Toil And Trouble (originally solicited as The Third Witch)
Writer: Mairghread Scott
Artists: Kelly and Nichole Matthews
Archaia (Boom Entertainment)
Macbeth was one of my favorite plays in high school. I remember loving the darkness and intrigue, the murder and remorse. But twenty years later, the only parts I recall well are Lady Macbeth washing imaginary bloodspots out, Macbeth’s “Out, brief candle” soliloquy…
… and the witches. I can’t even remember what they did in the story. But I remember absolutely loving that this play, a story of a man who murders his king and suffers for it, opens up with three sisters and “Bubble, bubble, toil and trouble” agreeing to meet “when the hurly-burly’s done, when the battle’s lost and won.” The mystery, the supernatural, it was catnip for a teenage geek, and I still love it.
This week, Archaia begins a six-issue limited series telling the story of Macbeth from the point of view of one of the three witch sisters, blending in more of the savage history of the British Isles and the pagan traditions of these warriors. Smertae is a pretty redheaded witch with spikes sticking out of her shoulders and hips, aligned with Cait (an earthy blonde whose image often blends with trees and nearby animals) to carry out subtle manipulations of the Scottish warriors according to the dark plans of grim sister Riata to raise King Duncan’s son up at the expense of Macbeth. Smertae has second thoughts about cursing her own people, and she hints at a grave history with Macbeth himself, so in the last moment, she possesses the Scottish Thane and saves his life, breaking the plan and probably triggering all the tragedy we read in high school.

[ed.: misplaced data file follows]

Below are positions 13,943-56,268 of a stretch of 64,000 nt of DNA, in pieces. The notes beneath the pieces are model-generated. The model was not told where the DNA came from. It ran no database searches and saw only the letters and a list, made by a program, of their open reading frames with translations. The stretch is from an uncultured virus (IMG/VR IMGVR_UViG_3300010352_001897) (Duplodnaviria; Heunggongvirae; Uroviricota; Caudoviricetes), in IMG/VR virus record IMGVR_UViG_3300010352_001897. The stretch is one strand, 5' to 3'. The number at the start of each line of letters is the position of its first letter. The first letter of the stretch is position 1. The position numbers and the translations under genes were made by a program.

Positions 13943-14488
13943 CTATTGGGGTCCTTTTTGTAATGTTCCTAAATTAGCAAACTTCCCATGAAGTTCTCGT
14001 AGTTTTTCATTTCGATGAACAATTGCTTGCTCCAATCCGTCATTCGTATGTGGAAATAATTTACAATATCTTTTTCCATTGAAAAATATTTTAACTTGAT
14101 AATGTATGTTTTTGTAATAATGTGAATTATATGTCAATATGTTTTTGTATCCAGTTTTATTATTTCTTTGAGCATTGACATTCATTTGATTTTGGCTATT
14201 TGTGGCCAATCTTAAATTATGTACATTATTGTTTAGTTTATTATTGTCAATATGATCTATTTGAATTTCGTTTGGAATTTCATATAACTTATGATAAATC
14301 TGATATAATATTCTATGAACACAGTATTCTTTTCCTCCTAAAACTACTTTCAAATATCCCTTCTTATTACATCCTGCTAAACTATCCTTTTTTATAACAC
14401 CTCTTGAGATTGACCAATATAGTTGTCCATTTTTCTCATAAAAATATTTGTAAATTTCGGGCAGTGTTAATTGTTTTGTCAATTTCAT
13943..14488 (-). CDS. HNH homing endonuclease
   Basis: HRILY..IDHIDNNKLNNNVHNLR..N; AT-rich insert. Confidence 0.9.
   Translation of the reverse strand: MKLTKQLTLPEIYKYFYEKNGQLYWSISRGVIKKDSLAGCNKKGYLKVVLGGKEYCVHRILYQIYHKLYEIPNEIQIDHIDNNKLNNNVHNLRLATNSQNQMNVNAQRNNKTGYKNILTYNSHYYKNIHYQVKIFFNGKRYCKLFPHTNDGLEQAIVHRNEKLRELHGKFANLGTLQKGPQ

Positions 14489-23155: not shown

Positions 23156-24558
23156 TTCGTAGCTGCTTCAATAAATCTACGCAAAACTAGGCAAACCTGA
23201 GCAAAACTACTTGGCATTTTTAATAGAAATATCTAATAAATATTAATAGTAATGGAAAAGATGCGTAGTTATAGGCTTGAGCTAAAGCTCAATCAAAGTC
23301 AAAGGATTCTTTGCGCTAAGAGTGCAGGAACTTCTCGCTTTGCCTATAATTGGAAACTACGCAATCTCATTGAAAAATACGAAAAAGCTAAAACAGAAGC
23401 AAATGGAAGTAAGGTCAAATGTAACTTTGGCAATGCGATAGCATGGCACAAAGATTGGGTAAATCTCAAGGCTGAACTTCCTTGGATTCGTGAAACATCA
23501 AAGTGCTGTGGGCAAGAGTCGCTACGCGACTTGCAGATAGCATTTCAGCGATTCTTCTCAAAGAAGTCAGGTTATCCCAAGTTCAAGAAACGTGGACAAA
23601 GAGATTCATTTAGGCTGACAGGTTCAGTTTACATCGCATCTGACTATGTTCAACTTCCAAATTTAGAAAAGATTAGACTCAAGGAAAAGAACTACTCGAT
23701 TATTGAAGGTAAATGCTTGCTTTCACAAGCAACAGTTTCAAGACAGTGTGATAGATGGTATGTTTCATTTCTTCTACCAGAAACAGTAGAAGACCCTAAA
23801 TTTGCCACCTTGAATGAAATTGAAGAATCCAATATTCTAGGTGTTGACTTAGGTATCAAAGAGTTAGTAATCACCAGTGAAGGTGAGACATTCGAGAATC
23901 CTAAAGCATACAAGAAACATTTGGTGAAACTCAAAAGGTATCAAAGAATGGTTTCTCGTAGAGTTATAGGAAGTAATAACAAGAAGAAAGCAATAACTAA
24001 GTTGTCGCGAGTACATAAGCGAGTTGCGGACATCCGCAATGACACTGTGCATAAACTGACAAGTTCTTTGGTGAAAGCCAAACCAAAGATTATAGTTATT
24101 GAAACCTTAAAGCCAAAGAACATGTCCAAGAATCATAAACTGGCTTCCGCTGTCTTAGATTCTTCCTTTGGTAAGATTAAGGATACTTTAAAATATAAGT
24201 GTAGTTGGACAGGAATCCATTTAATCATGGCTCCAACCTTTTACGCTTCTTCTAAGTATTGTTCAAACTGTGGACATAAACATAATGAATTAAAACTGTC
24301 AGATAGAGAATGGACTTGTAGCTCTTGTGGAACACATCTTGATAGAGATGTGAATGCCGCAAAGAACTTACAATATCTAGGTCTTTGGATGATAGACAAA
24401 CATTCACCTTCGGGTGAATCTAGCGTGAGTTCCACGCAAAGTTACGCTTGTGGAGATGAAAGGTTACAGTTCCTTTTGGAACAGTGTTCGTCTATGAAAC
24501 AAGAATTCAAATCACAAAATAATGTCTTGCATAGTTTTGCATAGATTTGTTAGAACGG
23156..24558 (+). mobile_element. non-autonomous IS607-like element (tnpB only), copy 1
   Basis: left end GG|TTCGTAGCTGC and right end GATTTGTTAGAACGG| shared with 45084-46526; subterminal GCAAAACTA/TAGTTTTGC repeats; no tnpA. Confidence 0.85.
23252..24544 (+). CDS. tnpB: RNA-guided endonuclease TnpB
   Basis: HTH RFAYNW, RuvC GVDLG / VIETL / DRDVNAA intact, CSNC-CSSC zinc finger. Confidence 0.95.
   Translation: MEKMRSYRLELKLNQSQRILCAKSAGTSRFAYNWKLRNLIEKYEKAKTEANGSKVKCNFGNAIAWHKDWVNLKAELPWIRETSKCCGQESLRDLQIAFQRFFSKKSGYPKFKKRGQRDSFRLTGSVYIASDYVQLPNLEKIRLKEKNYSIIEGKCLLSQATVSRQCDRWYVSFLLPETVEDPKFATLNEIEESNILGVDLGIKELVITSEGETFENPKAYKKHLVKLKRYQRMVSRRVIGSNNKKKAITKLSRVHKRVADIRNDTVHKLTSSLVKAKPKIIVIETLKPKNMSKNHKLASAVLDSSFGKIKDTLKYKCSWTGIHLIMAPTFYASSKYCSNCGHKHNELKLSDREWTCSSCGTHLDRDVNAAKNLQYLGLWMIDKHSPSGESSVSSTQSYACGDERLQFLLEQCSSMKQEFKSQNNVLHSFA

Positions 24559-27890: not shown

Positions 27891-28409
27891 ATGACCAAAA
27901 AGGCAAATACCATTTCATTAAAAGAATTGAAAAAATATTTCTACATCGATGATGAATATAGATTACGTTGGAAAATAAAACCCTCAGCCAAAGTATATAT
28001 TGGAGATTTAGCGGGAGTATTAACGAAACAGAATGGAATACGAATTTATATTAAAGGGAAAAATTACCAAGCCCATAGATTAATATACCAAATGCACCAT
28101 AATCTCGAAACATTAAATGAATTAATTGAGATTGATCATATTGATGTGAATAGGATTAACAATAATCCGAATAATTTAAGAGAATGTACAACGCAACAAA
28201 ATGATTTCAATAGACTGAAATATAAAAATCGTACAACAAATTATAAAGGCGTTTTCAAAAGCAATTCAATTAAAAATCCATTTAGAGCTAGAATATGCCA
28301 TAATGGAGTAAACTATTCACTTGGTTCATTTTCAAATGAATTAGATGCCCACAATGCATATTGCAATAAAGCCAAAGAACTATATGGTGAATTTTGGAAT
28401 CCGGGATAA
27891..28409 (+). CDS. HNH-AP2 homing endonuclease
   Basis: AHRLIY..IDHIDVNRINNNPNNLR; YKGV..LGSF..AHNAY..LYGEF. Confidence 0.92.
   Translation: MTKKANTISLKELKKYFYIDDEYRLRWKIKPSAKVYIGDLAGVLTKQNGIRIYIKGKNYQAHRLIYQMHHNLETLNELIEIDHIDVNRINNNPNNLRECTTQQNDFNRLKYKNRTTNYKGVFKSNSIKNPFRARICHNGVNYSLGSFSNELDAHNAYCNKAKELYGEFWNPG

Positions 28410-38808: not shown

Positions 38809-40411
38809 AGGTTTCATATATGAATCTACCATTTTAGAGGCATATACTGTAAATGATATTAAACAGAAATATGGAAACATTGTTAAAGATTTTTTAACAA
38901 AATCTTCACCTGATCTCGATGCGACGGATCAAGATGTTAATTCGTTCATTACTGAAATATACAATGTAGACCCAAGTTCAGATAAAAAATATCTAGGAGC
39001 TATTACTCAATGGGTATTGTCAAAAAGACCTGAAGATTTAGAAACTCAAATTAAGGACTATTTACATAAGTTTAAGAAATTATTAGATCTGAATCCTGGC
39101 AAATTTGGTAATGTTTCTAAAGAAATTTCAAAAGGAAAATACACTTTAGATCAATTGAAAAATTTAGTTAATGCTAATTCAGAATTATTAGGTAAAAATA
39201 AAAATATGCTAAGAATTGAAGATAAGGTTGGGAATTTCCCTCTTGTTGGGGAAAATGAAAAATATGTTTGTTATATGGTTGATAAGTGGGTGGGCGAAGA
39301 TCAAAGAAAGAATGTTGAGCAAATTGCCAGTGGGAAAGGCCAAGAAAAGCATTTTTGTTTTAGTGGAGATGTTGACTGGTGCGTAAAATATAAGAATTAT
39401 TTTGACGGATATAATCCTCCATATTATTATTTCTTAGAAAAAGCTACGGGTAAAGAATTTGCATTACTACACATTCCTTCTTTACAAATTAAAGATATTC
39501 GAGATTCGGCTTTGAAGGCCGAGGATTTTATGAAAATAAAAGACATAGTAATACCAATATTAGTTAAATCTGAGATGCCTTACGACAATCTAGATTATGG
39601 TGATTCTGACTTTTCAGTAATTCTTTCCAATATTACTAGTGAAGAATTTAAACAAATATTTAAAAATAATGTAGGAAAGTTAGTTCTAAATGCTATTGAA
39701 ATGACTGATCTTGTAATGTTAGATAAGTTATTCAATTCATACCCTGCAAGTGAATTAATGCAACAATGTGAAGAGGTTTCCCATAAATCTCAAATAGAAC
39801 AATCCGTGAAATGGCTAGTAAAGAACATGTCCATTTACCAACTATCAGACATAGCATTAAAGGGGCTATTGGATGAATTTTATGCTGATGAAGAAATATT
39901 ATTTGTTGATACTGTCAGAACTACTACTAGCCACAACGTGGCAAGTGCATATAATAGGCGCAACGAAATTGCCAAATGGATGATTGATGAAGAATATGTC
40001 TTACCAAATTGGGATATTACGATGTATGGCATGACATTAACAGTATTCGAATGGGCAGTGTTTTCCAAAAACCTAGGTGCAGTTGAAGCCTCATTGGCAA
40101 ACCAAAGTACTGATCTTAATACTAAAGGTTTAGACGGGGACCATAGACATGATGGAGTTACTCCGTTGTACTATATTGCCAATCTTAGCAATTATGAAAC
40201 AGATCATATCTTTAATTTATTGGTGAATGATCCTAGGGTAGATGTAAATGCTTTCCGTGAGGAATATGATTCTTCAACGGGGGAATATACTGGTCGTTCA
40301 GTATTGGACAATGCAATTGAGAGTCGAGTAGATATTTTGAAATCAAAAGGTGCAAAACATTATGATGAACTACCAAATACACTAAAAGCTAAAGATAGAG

This was a gorgeous book, the kind readers have come to expect from the Archaia publications. The dialogue floats along a dreamy path through Shakespeare’s original language and a broader, older element from the pagan histories, all to a lilting cadence that’s not quite iambic pentameter but suggests it. I couldn’t follow all of what the witches said to each other, but much like in Shakespeare plays, the thrust of the story is more about tone and character than recognizing every vocabulary word. The art is ethereal and compelling even when representing the brutality of the battle scenes, keeping the focus steadily on Smertae’s inner conflict.
If you haven’t read any Archaia titles yet, this issue is a great introduction to an intelligent, cultured example of the line. Come on down to Ultimate Comics in Chapel Hill or Raleigh to pick a copy up before they’re gone, or risk having to wait for reprints When The Hurly-Burly’s Done.
Matt Conner for Ultimate Comics & NC Comicon